Seeing the future of journalism, and trying to save it, in Denver
The Denver Press Club recently invited me to participate in a weekend workshop looking at the future, and the precarious present, of journalism.
Denver Channel 8 taped my presentation and put it online. My wife found it stunning that, 1) anyone would invite me to visit their city to talk about Twitter and 2) broadcast it on TV.
I also got a chance to talk to newsrooms of both the Denver Post and the Rocky Mountain News. I made some great friends. So it especially pained me after I returned home to Kansas and learned this week that the Rocky Mountain News was up for sale. And people these days are hard pressed to buy newspapers.
But the folks at the news have decided to use the new media to help save the old, and some jobs in the process. Check out what they’re doing at IWantMyRocky.com.
We ought to stop thinking of these as newspapers and see them as valuable news organizations: top content providers for Google and Yahoo! that are worth saving, no matter what their platform.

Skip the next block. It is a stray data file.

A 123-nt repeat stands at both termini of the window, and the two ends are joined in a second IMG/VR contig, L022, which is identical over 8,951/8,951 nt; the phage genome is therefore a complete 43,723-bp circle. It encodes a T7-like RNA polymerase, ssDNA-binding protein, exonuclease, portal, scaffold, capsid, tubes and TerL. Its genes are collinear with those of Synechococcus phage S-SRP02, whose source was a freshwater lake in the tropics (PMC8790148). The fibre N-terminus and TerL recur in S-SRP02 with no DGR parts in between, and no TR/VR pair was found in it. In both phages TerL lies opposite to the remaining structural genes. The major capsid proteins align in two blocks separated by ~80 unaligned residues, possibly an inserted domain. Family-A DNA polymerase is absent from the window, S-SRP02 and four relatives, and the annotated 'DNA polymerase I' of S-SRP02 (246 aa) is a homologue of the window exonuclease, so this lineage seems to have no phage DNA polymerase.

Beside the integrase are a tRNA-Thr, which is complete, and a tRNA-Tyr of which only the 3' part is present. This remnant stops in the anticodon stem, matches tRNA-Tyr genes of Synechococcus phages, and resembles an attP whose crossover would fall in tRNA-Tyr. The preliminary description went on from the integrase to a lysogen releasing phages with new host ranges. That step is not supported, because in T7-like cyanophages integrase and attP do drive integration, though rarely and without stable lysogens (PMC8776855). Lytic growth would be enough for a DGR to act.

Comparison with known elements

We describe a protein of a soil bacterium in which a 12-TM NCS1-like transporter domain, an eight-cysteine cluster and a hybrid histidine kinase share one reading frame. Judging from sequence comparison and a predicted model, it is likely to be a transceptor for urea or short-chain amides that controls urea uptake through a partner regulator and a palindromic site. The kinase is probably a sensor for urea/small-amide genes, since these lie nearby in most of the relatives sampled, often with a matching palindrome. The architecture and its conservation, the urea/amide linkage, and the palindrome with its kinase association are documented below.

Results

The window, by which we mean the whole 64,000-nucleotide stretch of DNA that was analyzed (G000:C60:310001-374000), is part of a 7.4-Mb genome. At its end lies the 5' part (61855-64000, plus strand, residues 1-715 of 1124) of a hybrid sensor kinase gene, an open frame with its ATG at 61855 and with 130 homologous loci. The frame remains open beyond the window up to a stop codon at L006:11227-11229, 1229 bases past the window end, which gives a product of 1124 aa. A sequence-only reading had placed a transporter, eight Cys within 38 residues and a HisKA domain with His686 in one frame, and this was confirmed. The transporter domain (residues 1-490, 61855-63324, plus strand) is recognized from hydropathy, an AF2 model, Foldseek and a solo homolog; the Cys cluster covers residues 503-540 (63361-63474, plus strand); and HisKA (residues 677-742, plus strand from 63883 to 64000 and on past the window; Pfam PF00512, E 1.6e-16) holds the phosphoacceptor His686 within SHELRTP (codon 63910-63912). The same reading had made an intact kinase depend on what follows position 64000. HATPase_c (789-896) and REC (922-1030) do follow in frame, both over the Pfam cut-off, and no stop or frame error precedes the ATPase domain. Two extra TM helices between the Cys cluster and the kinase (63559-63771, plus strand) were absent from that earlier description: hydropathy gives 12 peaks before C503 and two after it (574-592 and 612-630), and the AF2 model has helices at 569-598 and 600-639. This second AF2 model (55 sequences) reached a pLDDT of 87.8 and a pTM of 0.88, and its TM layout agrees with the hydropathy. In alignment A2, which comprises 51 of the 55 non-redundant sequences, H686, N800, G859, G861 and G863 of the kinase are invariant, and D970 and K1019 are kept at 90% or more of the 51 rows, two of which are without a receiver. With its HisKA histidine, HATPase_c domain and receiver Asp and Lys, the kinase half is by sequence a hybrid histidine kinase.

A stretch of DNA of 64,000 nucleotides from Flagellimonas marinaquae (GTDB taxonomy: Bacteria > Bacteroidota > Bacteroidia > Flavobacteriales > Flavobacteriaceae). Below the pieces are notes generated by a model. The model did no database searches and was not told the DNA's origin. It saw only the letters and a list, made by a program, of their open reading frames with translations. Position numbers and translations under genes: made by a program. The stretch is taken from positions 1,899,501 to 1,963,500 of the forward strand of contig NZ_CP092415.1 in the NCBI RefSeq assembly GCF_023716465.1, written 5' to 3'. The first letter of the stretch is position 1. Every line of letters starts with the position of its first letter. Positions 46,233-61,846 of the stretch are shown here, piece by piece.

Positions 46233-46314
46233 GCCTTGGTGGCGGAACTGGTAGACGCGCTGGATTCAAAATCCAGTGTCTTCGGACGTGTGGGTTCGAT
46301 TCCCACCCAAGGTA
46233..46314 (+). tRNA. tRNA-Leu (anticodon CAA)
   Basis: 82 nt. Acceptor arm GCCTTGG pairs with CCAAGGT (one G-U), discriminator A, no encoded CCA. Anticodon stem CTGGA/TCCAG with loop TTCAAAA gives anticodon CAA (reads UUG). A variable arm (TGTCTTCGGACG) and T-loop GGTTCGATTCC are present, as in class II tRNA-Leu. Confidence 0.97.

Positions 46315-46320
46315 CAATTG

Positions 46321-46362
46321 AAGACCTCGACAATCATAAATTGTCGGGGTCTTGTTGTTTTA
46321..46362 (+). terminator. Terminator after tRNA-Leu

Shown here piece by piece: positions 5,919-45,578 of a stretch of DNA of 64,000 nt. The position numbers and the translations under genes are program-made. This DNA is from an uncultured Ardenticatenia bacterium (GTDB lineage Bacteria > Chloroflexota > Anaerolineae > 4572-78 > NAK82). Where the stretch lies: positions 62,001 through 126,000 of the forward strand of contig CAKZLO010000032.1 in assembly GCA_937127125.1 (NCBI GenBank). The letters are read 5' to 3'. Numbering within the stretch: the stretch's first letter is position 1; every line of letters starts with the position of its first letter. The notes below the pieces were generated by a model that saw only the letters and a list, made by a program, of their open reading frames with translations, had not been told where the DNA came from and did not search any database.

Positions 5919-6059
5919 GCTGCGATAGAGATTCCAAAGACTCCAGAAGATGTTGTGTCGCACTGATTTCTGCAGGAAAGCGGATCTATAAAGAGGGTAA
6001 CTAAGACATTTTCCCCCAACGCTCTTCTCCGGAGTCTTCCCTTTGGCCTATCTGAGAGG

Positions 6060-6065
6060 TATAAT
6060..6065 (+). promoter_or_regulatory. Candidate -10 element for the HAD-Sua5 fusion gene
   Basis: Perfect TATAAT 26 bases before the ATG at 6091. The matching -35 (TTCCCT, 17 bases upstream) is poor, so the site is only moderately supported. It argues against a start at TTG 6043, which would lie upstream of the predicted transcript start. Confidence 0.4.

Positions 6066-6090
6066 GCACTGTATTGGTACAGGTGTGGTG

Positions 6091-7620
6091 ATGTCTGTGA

That’s part of the message of the documentary “Stop the Presses,” made by former Dallas reporter Manny Medoza and filmmaker Mark Birnbaum, which I saw for the first time at the Starz Denver Film Festival. The documentary not only skillfully looks at the demise of the American Newspaper but also probes its future and why it’s worth saving.
As one viewer noted: the film interviewed executives of some of the most respected newsrooms in the country and the best business observations in the film come from Dave Barry.
Dave, take the lead. We’re ready to follow.